The Brennan and Kelly article raise a few interesting points to consider when presenting or trying to gather user generated content for an online project. Although some may seem obvious, i.e., making the interface easy to use for the contributor, often for those familiar with the technology simple is not a level playing field. I think to myself, if I were to build something, would my technophobic Father be able to use it? Questions like this can reinforce the creator not to “dumb down” the project, but to leave the complicated programming and interface behind the curtain, so to speak, and present the public with a very simple contribution area.
It also raises two additional items: one I have thought about quite frequently, and that is control and editorial power over contributions made by the public. Second, I hadn’t considered, and that is creating a buzz over a digital history project for outside contributors. Obviously affiliation with a University would allow the access to resources and the ability to spread the word over a large institution but more importantly, digital humanities need to consider ways to involve the public of projects that seek contributors. This essentially was one of the “crossroads” issues that was discussed during last Friday’s brown bag presentation. I agree with the assumption that digital humanists in part have struggled to define themselves in order to transmit that identity to the public at large. In doing so, digital humanists could most likely expect positive reaction to projects and generate more contributors. Not mentioned in the Brennan and Kelly article were the approach of the project planners to the public, my concerns would be: was the project properly communicated? Were the goals of the project explicit? Not necessarily stated, “we want to hear your story, but rather, up front, honest communication, “We’d like to catalog reaction to events and eyewitness accounts of those events for historical posterity”, or some such explanation. In a sense, digital humanists struggle with defining themselves which prove to be barriers to sharing with the public writ large.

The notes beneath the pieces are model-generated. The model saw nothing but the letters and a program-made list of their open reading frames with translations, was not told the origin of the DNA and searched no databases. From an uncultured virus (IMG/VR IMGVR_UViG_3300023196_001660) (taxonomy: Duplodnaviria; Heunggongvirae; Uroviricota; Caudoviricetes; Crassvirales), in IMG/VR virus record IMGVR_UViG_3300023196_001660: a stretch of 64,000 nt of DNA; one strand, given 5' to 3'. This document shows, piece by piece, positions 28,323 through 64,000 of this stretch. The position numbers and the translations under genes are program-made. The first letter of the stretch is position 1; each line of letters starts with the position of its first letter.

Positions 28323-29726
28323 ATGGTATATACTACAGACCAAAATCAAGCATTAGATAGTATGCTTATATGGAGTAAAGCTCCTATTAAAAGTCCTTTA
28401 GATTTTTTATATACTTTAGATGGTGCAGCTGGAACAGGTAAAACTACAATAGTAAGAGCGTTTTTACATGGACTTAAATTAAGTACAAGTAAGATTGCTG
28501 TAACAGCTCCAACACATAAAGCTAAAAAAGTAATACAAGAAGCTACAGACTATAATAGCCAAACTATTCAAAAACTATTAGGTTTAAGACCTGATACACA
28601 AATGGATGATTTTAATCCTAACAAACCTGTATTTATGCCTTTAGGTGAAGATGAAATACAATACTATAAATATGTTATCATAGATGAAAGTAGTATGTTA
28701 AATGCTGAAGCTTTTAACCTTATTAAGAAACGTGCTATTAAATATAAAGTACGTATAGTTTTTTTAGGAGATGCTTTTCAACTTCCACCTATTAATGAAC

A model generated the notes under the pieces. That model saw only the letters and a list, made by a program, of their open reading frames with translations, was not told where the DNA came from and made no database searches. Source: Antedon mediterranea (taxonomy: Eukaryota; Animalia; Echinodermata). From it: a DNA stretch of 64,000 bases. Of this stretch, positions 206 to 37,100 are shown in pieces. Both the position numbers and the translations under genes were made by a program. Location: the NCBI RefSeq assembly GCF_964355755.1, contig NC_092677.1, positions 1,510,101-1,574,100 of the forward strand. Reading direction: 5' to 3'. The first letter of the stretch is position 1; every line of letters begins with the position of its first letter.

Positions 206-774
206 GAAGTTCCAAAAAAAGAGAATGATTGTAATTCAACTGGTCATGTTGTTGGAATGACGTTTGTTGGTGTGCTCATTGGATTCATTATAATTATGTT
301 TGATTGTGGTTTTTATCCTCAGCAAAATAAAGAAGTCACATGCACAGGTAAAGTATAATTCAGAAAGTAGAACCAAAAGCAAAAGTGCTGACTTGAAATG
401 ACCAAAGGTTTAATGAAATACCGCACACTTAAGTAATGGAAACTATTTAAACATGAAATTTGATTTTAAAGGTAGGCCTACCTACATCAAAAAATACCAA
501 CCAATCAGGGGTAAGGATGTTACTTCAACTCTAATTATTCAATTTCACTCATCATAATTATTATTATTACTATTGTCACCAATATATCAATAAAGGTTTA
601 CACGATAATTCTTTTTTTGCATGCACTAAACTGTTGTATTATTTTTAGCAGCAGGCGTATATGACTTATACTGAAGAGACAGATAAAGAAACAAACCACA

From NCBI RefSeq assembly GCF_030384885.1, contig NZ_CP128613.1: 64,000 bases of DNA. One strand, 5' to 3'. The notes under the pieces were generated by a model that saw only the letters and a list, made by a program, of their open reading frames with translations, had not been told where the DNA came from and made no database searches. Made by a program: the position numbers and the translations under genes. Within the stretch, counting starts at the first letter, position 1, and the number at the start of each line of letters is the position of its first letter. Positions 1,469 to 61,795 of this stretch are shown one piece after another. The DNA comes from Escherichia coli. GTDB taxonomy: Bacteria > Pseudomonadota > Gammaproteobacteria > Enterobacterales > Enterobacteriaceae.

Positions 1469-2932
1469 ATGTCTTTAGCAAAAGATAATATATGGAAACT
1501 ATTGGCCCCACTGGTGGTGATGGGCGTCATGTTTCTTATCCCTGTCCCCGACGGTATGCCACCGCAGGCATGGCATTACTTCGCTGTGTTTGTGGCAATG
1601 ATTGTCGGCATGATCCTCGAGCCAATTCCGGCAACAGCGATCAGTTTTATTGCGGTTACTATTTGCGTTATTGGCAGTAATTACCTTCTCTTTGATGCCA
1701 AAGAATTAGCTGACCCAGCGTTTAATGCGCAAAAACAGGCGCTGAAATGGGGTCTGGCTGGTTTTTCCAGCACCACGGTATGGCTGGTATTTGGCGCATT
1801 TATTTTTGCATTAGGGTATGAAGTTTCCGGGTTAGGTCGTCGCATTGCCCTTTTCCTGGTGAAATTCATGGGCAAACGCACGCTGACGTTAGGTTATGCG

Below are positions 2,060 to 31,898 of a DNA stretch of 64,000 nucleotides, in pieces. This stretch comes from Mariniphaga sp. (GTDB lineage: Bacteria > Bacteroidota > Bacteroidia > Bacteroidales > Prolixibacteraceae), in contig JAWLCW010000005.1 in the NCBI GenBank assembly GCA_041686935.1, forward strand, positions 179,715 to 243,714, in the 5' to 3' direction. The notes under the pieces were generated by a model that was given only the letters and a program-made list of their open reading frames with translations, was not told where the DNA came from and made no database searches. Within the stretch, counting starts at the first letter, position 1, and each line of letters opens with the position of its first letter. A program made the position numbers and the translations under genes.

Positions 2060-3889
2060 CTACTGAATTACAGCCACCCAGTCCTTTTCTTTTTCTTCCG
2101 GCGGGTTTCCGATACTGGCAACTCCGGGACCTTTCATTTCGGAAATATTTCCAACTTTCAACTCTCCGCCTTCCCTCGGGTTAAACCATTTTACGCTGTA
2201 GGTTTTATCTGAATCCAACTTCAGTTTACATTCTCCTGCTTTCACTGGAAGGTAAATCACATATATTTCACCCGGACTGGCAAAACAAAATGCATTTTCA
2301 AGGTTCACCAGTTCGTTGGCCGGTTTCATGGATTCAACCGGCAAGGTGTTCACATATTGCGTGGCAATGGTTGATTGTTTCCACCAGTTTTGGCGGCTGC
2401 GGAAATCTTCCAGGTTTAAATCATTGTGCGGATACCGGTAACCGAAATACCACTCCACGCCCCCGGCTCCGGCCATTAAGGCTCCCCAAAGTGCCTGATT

Of course, through the theoretical writings I always find myself coming back to practical questions. The chief concern that has been established in both readings and discussions are situations of funding and the struggle to define digital humanities. These problems of course could be solved with one giant project, I think that would attract attention both of donors and provide an example of what digital humanities could entail. Obviously some projects have attracted that sort of attention while others fail to see the importance of digital humanities. Additionally, the field could be advanced through educators actively engaged with technology that is evolving around them. Dr. Burton’s comment on the student understanding Karl Marx better than the teacher serves as an excellent comparison of the teacher misunderstanding the importance technology will serve in the future classroom.